Thursday, March 24, 2011

Lent Day 13 - Mark 5:21-43

Crowds laugh at Jesus? Jairus, a religious leader comes to Jesus in need of help and acknowledging Jesus' status. That's news since so far religious leaders have been opposed to Jesus. As Mark tells the story, the healing of Jairus' daughter is interrupted by the story of a woman with severe bleeding issues. These stories are linked in several ways. Both the woman and the girl are healed by Jesus. The woman suffering for twelve years and the girl is noted to be twelve years old. Both are referred to as "daughter" (vv. 34-35). Yet, while the woman's healing is public, the girls is a fairly private matter. In fact, Jesus again tells them (actually 'strictly orders') not to spread the news. Which is going to be difficult since the people who were weeping loudly at the report of the girls death, laugh at Jesus when Jesus questions the news that she is dead insisting she is only asleep.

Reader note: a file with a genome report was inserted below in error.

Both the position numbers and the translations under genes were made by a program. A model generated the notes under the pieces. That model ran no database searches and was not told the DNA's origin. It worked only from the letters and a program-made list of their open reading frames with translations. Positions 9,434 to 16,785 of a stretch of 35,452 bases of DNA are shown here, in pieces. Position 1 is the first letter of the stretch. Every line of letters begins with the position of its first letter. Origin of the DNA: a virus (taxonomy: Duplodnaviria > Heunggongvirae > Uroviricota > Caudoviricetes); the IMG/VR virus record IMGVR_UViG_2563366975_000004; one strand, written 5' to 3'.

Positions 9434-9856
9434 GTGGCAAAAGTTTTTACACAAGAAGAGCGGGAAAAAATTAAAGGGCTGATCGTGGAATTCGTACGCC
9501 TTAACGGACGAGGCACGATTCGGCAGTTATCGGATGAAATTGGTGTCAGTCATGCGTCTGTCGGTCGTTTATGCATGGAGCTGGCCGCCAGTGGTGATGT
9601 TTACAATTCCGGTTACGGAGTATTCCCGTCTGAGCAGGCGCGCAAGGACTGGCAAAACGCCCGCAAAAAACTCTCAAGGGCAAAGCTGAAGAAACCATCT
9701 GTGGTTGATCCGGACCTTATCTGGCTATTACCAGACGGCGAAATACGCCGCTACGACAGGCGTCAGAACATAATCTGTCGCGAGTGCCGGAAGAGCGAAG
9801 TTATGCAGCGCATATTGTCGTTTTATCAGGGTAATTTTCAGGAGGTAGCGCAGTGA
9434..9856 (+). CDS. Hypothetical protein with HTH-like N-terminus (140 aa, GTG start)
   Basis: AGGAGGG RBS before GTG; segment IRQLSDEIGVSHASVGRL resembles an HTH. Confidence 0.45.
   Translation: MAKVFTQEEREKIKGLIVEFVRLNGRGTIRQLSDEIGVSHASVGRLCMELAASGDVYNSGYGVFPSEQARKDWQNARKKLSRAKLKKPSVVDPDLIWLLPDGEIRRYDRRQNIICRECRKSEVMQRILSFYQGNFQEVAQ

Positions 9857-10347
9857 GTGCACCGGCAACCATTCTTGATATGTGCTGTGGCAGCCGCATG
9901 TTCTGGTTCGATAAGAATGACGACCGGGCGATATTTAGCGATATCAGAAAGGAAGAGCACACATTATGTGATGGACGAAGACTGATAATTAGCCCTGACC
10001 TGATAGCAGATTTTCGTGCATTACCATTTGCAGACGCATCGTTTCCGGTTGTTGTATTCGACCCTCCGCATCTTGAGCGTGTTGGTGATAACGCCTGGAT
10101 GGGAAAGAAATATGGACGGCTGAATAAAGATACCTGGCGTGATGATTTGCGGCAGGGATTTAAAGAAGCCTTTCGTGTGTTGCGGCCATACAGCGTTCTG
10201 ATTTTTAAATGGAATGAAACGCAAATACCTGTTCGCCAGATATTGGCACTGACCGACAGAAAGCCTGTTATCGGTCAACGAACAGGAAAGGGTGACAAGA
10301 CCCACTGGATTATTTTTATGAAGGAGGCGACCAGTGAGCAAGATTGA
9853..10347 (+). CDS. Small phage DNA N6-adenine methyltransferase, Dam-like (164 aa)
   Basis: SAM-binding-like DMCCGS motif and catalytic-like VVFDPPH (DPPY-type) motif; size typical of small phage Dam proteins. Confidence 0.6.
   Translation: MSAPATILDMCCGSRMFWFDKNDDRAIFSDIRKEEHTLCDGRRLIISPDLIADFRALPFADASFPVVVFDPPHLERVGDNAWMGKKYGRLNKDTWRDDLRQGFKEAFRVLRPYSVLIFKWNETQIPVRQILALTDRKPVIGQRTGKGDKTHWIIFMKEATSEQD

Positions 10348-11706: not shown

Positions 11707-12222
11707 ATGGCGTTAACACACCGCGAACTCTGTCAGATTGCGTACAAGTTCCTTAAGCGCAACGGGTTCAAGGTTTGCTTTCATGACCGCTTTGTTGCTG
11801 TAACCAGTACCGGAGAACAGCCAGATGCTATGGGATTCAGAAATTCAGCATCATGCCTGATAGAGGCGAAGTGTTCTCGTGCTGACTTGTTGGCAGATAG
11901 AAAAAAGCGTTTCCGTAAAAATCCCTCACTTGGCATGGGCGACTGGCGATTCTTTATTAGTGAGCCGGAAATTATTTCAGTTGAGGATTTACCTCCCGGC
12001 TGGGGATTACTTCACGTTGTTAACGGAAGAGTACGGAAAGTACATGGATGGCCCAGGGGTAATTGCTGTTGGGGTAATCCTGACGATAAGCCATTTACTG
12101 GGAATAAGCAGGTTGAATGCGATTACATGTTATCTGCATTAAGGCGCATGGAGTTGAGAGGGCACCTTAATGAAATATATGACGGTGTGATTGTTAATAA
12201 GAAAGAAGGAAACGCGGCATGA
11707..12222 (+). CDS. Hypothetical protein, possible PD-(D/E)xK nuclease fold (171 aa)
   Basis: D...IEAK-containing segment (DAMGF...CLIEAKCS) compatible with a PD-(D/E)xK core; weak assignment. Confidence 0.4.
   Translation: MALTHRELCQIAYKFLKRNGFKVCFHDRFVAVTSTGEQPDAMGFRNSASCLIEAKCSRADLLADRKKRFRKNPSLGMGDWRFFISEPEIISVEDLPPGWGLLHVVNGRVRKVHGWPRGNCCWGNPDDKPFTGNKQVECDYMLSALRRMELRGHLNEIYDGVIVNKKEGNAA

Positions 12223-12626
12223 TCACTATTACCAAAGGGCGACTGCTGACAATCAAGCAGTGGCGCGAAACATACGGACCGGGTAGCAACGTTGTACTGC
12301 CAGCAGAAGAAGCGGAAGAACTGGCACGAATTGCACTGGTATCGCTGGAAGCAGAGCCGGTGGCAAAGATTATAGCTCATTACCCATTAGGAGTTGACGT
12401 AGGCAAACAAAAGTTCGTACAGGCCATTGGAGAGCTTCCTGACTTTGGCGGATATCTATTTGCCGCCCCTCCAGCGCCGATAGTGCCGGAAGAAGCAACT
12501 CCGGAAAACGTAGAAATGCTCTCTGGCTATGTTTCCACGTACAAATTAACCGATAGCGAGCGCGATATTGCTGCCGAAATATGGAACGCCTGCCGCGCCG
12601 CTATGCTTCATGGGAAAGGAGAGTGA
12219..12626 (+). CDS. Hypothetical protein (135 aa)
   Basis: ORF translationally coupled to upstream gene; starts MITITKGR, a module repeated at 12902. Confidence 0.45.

Given how Jesus has been received so negatively, what risks might Jairus be taking in asking for Jesus' help? What sort of risks do we take for Jesus? In asking for help?
How do the two stories of these women go together? How is Jesus approached in each? What are the reactions of the crowd? Do you approach Jesus more like Jairus (directly) or more like the woman (timidly)? What do you need to bring to Jesus to experience His healing touch? How is Lent helping you to do so?
Earlier in this chapter Jesus told the man healed of the demons to tell, yet tells the parents to tell no one. Why do you think that is? What might location have to do with that? If you were them, what would you do?

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